It is hardly surprising that he was afflicted by this hereditary disease, endemic in the Stuarts and transmitted to the Hanoverians by the Electress Sophia. Intermarriage was the family pastime and a first cousin made the ideal spouse-was, indeed, often the only option under this uncompromising ruler. George III made frequent and rarely justifiable incursions into party politics but he caused more lasting damage within his own family.
Though an indulgent father when his 15 children were small, he treated them very badly as they grew, sequestering the girls and banishing the boys abroad for years-though he himself seldom ventured beyond Weymouth. Moreover, by the Royal Marriages Act of 1772 he made it virtually impossible for his sons to marry women other than German princesses and for his daughters to marry at all: consequently the great majority of his grandchildren were unacknowledged.
The chapters in which Hibbert describes the onset and development of the King’s illness are among the best in the book, vivid, sorrowfull, and totally devastating in their descriptions of the ignorance and cruelty the King was exposed to. The King, emaciated to the point of being almost unrecognisable as the slightly fat, blue-eyed young prince of the 1750s, died in 1820. He was too ill to know that the army he had watched embark for France with such pride, had conquered Napoleon. Or that he was succeeded by his eldest son, the one-time libertine, rabble-rouser and profligate whose character had given his father so much angst.
Undoubtedly, many will say that this book stands on its own as it’s written so clearly and thoroughly; still, it owes much to John Brooke’s 1972 biography. Christopher Hibbert has professionally depicted complex personality of George III from a psychological perspective, simultaneously representing him differently from what he was seen as before, in a role of a constitutional monarch.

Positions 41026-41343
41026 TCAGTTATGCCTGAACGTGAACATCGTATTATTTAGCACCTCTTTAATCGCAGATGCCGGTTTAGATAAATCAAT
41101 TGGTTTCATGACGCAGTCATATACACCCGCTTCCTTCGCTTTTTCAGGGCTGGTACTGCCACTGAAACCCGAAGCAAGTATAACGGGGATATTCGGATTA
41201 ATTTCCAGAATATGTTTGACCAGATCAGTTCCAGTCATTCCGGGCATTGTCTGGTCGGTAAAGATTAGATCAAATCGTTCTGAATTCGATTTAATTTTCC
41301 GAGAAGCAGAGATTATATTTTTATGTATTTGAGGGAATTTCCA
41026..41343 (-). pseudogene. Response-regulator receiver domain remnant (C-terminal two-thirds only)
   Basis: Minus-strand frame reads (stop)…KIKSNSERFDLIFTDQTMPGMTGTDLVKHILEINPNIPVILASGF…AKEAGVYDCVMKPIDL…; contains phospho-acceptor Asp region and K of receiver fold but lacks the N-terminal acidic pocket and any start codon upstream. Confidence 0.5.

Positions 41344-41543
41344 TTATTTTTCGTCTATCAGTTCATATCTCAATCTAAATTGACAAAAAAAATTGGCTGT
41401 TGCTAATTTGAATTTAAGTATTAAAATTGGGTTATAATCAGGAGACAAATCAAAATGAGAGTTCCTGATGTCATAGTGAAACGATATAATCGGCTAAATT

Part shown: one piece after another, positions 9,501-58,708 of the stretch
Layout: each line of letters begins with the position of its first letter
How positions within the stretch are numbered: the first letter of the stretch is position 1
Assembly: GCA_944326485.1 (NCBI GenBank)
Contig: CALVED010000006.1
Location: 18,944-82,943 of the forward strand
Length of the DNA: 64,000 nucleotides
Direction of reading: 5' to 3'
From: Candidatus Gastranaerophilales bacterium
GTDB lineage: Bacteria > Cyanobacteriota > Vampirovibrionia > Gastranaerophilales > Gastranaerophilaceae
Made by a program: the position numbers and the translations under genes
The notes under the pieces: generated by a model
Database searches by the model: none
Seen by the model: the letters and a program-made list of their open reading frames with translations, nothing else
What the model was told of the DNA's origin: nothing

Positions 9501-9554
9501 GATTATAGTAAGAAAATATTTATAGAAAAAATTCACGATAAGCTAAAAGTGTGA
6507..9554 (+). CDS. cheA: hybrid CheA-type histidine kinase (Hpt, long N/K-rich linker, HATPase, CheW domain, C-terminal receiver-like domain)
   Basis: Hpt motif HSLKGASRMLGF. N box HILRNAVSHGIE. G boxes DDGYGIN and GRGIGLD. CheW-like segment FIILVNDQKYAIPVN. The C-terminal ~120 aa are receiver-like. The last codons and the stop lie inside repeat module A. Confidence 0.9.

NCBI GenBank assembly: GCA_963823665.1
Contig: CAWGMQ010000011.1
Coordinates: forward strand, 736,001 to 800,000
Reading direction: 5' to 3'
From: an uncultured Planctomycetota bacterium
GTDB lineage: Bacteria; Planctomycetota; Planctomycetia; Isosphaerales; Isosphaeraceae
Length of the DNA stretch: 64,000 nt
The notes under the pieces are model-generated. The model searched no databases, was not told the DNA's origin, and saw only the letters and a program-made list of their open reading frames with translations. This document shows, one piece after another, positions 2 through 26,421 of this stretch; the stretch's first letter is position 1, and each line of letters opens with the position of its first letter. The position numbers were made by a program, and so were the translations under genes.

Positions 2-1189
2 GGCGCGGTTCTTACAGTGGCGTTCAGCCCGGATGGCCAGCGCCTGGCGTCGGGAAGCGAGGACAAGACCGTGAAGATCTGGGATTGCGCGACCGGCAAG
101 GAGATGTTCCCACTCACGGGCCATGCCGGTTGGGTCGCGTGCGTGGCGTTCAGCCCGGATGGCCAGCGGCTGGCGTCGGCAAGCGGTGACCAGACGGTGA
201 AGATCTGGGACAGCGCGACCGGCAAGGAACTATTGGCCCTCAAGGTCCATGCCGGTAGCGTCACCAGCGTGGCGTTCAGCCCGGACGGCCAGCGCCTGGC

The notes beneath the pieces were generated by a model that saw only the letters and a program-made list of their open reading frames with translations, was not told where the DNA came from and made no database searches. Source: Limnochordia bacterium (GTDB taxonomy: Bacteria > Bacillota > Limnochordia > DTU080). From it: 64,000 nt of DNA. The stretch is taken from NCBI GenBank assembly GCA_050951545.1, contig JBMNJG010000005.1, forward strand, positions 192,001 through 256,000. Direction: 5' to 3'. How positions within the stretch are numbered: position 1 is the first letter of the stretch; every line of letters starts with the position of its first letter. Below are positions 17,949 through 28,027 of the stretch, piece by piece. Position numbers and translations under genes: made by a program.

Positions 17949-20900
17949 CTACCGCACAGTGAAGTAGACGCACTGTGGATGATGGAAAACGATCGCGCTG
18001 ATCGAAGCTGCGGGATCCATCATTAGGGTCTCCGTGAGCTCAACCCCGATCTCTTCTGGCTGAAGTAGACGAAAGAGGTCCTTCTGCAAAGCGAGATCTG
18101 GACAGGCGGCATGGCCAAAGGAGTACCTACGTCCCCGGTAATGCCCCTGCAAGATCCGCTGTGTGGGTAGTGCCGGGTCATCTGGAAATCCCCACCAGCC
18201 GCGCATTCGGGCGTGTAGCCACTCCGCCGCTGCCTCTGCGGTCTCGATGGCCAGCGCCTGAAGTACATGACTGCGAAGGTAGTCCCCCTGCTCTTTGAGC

Evidently, Mr. Hibbert’s task would have been lighter, successive generations would have remembered George III with more affection and it is just possible that later European history would have been less hostile, had these miserable princelings been allowed to follow their inclinations-or even, occasionally, to leave the royal presence without permission and without having to walk backwards, bowing.
All in all, “George III: A Personal History” by Christopher Hibbert, is the first modern book in which Hibberet attempted to combine of all the aspects of George’s III life as king, his political career, his patronage of arts and sciences, and his family role as a husband and father. In my opinion, Hibbert has written a fine biography of George IIIrd, which has treated the subject with sympathetic comprehension and finesse.